The critical illness or death of a Ugandan celebrity triggers understandable widespread grief. We feel a personal loss because the celebrity had become a member of our household.
The community is easily galvanised to act, with donations of cash in the hope that the patients may be saved, if only we can evacuate them to Nairobi or beyond.
That Ugandans can contribute Sh100 million towards such a cause in a matter of days is testament to our generous and caring spirit. When all is said and done, we are good people.
Yet, underneath this narrative is a sadder story of a society that has resigned itself to a fate thrown at them by an inadequate and terribly dysfunctional health service.
My sadness is made worse by the fact that even as we were raising money to save the lives of these famous compatriots, millions of nameless Ugandans were enduring great pain and suffering on account of all sorts of diseases, many of them potentially curable.
Even in the wards at Mulago hospital, where these celebrities were admitted, were dozens of patients with treatable cancers, facing certain death because of the inadequate resources in what was once the leading cancer research and treatment centre in sub-Saharan Africa.
As if they are not Ugandans with a right to life, these nameless people endure the indignity of wasting away in government hospitals and health centres that would invite closure if we enforced the minimum standards of safe healthcare facilities.
When President Museveni dipped into the public treasury and “donated” $1,800 towards the evacuation of Rosemary Nankabirwa to the safety of neighbouring Kenya, it was a poignant affirmation of the failure of his own government.
This presidential vote of no confidence was not the first, of course. Eleven years ago, Gen Museveni used the country’s presidential jet to evacuate his daughter to Germany for a normal, uncomplicated delivery of his grandchild. The cost was estimated at $90,000. (Even among the elite there is an Orwellian inequity straight from Animal Farm.)
This vote of no confidence is entrenched in the governing system, with the well-connected enjoying first class healthcare outside Uganda, at the expense of the wretched of the Earth who toil to keep them comfortable. The cost to the public purse may be as much as $150 million per year.
The beneficiaries live in a world far removed from the realities of the majority. They probably have no clue about what is going on in Uganda’s public hospitals and health centres.
What is surprising is that many Ugandans, the vast majority of whom are condemned to substandard healthcare and premature death, are duped into believing that President Museveni is the best thing that ever happened to the country. They vote for no change to his vote of no confidence.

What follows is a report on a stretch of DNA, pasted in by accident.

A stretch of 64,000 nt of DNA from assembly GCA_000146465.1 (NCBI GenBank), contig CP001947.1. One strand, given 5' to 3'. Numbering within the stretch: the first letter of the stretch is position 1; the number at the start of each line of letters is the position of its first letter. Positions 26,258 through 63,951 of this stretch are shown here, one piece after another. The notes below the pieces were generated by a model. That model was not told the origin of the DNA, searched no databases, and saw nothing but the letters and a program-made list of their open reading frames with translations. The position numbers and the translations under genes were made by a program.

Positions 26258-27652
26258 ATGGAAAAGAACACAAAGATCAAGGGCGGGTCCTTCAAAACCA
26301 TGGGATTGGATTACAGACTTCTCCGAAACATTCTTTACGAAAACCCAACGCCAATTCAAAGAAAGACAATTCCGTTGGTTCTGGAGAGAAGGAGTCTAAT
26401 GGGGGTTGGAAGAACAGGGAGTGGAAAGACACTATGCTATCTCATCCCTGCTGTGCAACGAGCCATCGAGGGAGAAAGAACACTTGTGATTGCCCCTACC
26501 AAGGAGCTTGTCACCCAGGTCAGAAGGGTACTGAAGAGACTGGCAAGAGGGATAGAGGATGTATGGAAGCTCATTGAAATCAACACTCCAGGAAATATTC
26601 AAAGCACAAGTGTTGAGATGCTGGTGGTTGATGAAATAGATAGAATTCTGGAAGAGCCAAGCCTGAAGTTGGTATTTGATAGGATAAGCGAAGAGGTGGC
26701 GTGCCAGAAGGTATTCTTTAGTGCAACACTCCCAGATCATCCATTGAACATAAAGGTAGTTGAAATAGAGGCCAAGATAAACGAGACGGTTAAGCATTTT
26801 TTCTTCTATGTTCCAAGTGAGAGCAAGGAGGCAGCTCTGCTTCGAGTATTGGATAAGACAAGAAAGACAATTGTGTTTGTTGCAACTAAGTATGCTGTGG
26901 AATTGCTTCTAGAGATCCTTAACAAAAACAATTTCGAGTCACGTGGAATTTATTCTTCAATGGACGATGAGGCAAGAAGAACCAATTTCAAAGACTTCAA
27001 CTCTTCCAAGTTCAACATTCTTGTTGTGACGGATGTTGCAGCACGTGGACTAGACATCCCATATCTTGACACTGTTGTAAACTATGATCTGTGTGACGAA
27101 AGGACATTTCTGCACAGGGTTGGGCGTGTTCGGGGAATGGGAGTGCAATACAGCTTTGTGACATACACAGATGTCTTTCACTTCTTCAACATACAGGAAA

I have seen sick, helpless folks at public health facilities donning well-worn yellow T-shirts bearing the portraits of a smiling Gen Museveni. As they have narrated their predicament, some asking for financial help, my eyes have gazed at the President’s smiling image. I have often found myself smiling back at him, the irony quite overwhelming.
Uganda’s national health spending is well below the Abuja Declaration of 2001. African countries agreed to allocate at least 15 per cent of their national Budgets to health spending by 2015. (Only six countries – Liberia, Madagascar, Malawi, Rwanda, Togo and Zambia – have met this goal.)
The 201415 Uganda budget allocated only 8 percent to the health sector. The combined spending on departments which are principally meant to keep Mr Museveni in power far exceeds public health spending. He is right to smile.
The 201516 Budget Framework Paper indicates no change in health spending. This inadequate funding is complicated by inappropriate allocation of money within the health sector. Of the proposed health sector allocation of Shs1,234 billion in the next financial year, wages will take up only Shs333 billion, while the non-wage operational funds for all services will be only Shs354 billion. A paltry Sh210 billion will go to medicines and other health supplies, while operating systems and administration get only Shs140 billion.
More than Shs540 billion will be targeted at infrastructure, equipment and services under the Global Fund. One is not surprised to find that many health facilities are dysfunctional because the human resource has been given low priority.
The solution to Uganda’s sick health service is a political one, not harambees (fundraisers,) and not even increased funding by a government that will look the other way as the money is stolen.
Uganda’s healthcare needs a major change of national leadership to one that shifts priorities to living within our means, people-focused development, massive recruitment and retention of skilled professionals, uncompromising accountability, and implementation of a sustainable national health insurance.
If some good is to come out of the recent deaths of well-known figures, let it be a sustained programme of demanding better and equitable healthcare for all.
The leaders of the fundraisers have demonstrated the ability to galvanise Ugandans to a common cause. Their efforts should not be buried with our departed compatriots.
Dr Mulera is based in Toronto, Canada. email@example.com
SOURCE: Daily Monitor